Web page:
Oh, I believe that fad diets (e.g. the cabbage soup diet) are very dangerous. But not Paleo, Primal or SCD. These were the ORIGINAL diets for the human species, the ones we evolved with.

I preach the gospel because this diet brought me health in numerous parts of myself that were ill (not just IBS), in ways that doctors never were able to. The diet works, and it works not only for obvious gut issues or diabetes type II (which we all know that are correlating to what we eat), but also in ways that people don’t even realize that their diet had anything to do with their condition (e.g. eczema, and reportedly even asthma).

As I wrote elsewhere, in most other diets people are usually saying things like “whoa! I lost 10 lbs”, but in Paleo/Primal/SCD people comment with things like “my fibromyalgia almost gone!”, or “I cured a tooth cavity all by myself”.

Look into it.

KB wrote on September 23rd, 2011 at 8:43 AM PST:

Like I said, maybe it is working for you at the moment and maybe it works for some people, but caution should be used:

“*Skyrocketing total cholesterol and LDL – jury is still out on long-term effects of super-high cholesterol from eating paleo and high in animal fats.

*Fat soluble vitamin poisoning (or just elevated blood levels of retinol, D) from high consumption through foods combined with supplementation.

*Worsened hypothyroid symptoms (likely from neglecting to find a reliable iodine source after no longer consuming processed foods with lots of iodized salt), or even development of hypothyroid after becoming paleo. Always seen with VLC/ZC (tons of meat)…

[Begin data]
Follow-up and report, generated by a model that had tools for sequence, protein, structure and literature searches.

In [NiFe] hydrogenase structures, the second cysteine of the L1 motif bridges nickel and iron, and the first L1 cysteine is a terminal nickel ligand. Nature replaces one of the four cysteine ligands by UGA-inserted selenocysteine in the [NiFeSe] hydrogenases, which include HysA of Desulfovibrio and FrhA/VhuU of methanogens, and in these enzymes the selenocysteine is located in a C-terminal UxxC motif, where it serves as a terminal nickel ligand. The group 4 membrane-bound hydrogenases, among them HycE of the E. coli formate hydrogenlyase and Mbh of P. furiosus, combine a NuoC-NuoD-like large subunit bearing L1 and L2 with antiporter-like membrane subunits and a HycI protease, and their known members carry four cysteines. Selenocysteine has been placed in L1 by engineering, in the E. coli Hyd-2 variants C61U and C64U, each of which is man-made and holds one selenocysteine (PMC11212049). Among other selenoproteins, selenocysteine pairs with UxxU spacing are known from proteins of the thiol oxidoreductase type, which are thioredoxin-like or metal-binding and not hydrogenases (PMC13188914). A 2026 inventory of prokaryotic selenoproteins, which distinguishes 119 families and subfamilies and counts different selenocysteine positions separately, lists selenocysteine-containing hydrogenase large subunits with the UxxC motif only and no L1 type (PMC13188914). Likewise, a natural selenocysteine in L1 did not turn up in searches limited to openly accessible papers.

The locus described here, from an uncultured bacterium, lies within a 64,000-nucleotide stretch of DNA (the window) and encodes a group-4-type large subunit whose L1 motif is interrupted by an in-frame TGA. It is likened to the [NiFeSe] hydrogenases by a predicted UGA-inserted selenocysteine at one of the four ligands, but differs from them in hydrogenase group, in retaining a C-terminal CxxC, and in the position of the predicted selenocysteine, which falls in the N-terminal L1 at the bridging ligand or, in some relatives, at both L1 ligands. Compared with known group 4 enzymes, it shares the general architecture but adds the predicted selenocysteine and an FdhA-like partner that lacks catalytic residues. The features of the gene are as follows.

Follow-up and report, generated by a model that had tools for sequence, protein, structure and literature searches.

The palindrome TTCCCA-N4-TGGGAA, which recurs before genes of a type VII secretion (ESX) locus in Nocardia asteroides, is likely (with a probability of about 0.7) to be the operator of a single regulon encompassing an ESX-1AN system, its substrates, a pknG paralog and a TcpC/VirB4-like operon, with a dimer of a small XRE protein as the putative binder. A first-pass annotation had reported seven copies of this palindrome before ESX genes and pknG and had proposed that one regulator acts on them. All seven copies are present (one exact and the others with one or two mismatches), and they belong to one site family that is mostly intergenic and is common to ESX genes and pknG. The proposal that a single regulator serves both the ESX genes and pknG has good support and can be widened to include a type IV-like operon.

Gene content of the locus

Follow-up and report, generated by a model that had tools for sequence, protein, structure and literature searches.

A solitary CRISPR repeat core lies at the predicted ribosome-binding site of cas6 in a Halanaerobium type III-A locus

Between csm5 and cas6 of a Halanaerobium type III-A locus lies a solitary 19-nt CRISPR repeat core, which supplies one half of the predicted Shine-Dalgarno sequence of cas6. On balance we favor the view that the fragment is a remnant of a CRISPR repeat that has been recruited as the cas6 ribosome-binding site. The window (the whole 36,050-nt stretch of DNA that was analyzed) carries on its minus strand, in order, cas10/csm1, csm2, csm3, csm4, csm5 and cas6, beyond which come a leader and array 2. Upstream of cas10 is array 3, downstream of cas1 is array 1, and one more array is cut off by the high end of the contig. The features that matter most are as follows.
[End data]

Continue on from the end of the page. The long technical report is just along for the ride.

*Severe lack of appetite on a VLC diet higher in fat and protein, leading to chronic undereating and often to exhaustion, lack of endurance, and muscle loss.

*Serious exacerbation of OCD and eating disordered tendencies (usually pre-existing) leading to debilitating anxiety and guilt surrounding food, and/or to increasing amounts of self-deprivation (most commonly zero carb and/or ‘fasting’) which usually causes various serious health side effects (extreme weight loss to emaciation, depression/anxiety, and infertility/amenorrhea being the most common).

*Weight/fat gain due to believing the people who say calories don’t matter and eating a high-cal, high-fat diet.

*Disturbed sleep/insomnia. Usually caused by ketosis.

*Constipation or diarrhea/extremely soft stool, or even both alternating. Caused by high protein/no starch.

For lean/thin individuals particularly, who eat low or zero carb though often higher in calories.:

*Muscle wasting, unintended weight loss to extreme/unhealthy levels

*Hormonal imbalances for both sexes, amenorrhea and infertility in women

*Exhaustion and lack of endurance, inability to recover from workouts

*Persistent hypoglycemic issues while in ketosis/eating low carb, no matter how long they try to tough out the ‘low-carb flu’. Including low blood pressure/faintness, headaches/migraines, brain fog, slurred speech, irritability and anxiety, etc.”

I think a key thing to be mindful is the long term effects of this diet. The Mediterranean diet, for example, has an enormous amount of epidemiological data and has been in practice for a number of years under the watchful eye of science. The interest in the paleo diet in today’s world is fairly new in comparison, so there isn’t enough data to determine its healthfulness in the long term.